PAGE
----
Planespotting: Air China goes Irvine Welsh

It’s not often you get to walk into an airport and know from the outset that what’s about to unravel over the next 24-hours is going to be the worst airline experience of your life.

Mark Eggleton

It’s not often you get to walk into an airport and know from the outset that what’s about to unravel over the next 24-hours is going to be the worst airline experience of your life.

It began so innocuously - a visit to the gentlemen’s room inside Rome’s Leonardo Da Vinci airport. An officious phalanx of cleaners waved me away as they were in the process of doing their job. Being a patient chap, I waited for them to finish before skipping with joy into what I assumed would be a pristine ablution facility.

Unfortunately, the cleaners may have “cleaned” the toilets by standing in the centre of the room and spinning in a synchronised swimming formation while urinating and yelling in perfect Italian “I’m a man sprinkler”. The newly cleaned toilets seemed to have been smeared with a generous film of urine, faeces and human sweat.

It was a tough decision but I decided to continue with my lifelong habit of using the porcelain amenities inside the toilet to deposit my excess baggage and continued relatively unperturbed to the check-in counter where Air China’s not-so-attentive Alitalia proxies decided checking-in passengers was a luxury they could ill afford. I cheerfully stood at the front of the line for 90 minutes while Alitalia’s disinterested staff blinked blank-faced at their computers and chatted among themselves. The IT system was down although no-one bothered to explain or suggest an alternative. Elsewhere, other airlines checked-in passengers and lines generally flowed smoothly.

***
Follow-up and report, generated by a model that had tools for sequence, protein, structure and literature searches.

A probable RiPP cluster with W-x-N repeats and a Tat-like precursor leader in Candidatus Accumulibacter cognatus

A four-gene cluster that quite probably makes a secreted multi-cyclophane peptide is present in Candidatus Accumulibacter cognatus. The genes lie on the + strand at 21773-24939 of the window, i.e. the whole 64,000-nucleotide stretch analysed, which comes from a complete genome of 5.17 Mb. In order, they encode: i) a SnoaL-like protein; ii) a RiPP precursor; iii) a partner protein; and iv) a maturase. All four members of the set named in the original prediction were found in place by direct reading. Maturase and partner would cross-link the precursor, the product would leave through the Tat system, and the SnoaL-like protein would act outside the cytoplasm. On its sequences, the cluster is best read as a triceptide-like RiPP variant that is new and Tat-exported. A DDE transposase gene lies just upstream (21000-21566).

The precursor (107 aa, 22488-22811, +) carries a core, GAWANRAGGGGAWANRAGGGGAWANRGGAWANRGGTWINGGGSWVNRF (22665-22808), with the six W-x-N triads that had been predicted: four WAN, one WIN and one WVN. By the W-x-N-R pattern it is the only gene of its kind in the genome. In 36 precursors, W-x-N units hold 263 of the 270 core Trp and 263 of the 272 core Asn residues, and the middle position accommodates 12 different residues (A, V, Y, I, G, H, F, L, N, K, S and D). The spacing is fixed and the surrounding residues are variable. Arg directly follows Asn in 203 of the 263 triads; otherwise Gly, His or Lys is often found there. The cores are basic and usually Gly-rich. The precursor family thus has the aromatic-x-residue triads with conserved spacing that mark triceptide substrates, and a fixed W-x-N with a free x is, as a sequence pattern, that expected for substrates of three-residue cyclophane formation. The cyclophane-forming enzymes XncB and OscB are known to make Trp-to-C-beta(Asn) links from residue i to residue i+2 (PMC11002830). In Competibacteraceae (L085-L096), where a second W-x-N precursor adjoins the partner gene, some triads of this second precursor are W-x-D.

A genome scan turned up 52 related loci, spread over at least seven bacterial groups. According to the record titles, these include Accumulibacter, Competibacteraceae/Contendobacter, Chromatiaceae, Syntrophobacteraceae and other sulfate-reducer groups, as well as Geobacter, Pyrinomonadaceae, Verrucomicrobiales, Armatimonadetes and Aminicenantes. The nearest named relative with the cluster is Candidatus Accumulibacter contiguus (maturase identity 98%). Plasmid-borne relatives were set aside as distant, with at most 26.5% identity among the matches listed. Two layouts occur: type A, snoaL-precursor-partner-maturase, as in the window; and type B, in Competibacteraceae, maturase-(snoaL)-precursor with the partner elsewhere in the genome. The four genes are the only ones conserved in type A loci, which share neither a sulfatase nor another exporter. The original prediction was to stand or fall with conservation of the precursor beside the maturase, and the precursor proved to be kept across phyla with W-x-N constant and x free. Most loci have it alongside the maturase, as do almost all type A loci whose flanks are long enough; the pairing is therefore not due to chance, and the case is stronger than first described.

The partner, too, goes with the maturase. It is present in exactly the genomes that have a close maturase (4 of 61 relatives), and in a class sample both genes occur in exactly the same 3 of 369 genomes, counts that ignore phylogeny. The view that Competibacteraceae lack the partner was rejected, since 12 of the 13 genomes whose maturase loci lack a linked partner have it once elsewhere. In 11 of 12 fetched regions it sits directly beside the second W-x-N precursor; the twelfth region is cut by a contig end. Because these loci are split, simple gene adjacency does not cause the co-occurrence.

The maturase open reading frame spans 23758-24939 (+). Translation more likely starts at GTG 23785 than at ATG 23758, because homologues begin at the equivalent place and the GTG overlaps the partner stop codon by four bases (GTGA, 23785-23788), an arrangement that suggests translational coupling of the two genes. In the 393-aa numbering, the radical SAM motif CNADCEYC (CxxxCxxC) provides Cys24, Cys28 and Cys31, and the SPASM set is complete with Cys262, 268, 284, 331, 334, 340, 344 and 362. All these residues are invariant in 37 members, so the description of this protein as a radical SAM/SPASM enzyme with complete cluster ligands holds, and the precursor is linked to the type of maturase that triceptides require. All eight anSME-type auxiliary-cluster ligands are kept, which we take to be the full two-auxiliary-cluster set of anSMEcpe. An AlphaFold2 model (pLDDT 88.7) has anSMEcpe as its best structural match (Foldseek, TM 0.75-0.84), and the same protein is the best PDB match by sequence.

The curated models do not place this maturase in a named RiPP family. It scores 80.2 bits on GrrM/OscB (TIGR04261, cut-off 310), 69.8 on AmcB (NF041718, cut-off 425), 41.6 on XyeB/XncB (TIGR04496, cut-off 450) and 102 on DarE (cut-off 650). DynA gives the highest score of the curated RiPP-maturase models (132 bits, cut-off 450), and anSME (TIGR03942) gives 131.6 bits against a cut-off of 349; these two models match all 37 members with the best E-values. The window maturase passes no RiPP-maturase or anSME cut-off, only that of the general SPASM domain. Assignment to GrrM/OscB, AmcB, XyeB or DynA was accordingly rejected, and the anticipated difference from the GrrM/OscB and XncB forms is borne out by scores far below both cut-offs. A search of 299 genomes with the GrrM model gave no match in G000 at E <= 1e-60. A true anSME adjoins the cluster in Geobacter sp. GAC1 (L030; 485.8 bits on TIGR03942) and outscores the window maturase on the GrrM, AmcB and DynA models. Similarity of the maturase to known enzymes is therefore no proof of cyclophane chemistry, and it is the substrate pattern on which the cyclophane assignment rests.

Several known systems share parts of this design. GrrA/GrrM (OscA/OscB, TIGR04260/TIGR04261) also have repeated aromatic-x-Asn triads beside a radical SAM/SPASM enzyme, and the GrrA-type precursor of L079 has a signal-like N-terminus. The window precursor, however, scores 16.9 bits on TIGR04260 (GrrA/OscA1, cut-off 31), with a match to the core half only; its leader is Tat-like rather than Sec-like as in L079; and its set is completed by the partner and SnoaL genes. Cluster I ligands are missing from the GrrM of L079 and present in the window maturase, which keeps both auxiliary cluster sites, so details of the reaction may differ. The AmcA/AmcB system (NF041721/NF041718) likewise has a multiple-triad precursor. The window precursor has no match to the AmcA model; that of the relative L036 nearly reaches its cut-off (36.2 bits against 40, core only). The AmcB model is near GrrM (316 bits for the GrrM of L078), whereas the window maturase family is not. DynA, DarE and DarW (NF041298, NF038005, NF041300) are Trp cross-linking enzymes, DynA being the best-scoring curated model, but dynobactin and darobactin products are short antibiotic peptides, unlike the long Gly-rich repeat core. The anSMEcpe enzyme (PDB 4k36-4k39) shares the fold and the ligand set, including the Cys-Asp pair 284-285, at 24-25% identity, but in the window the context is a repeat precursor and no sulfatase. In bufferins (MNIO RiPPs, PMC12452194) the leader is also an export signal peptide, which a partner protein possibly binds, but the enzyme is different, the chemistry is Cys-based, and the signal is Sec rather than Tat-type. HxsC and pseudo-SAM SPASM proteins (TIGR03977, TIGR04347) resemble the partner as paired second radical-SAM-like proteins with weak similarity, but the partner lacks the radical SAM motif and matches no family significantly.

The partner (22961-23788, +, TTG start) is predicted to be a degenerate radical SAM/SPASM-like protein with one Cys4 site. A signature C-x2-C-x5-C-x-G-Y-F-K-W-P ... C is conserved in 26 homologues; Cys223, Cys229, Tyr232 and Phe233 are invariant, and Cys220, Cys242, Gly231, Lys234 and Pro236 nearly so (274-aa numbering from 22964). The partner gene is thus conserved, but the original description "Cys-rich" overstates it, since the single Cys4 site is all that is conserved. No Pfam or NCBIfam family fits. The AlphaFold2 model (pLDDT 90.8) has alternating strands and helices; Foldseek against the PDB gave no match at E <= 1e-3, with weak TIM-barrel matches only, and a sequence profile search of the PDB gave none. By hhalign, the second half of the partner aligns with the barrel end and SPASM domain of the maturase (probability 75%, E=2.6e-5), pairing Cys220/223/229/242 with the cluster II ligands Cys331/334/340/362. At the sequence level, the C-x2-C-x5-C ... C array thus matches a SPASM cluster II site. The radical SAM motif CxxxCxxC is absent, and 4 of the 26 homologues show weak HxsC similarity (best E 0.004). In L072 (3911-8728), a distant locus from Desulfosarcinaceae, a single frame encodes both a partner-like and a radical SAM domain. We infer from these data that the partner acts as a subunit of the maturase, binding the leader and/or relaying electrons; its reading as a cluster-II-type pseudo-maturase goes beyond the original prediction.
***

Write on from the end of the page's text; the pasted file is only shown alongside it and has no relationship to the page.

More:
Things could only improve and amazingly, after the issues on the ground, our Air China flight left on time and everything seemed right with the world again.

I had noticed during boarding despite the boasts of the fine people at Air China (who suggest they run one of the youngest fleets in the sky) that the Airbus A330 was not so youthful. It was the sort of rickety old plane you’d expect an arms dealer to use. What’s more the toilets were Trainspotting bad. They were cracked and full of filth. It would seem the human sprinklers in Rome had spent some time onboard. One of my fellow passengers had decided the sink sat at a more natural level for a toilet (maybe he/she played basketball) but then again it was early in the flight so it may have been from a previous trip. In another toilet I found a couple of chunks of half digested pineapple lying in the sink.

After suggesting to a rather surly flight attendant that her duties extended to keeping the toilets clean onboard she indicated the only way they would be cleaned was if I wanted to use my toothbrush and a used napkin from my meal.

Trainspotting... when art imitates life?

Speaking of which, the meals onboard were an interesting study in the culinary arts. Imagine an airline that hadn’t actually ordered the inflight meals. Twenty minutes before take-off a group of harried flight attendants burst into the airline catering kitchens and rummage through the offcuts and leftovers from every other meal prepared that day. What it translated to on the tray was a cross between prison food and something conjured up in a Dickensian orphanage.

Unfortunately things got worse. We arrived in Beijing and we were lucky enough to go through Chinese customs twice as we transferred to a domestic Shanghai flight even though we were international transfer passengers who'd had no opportunity to grab some contraband in the sky. Maybe even the Chinese authorities thought we’d come in on a smuggler flight.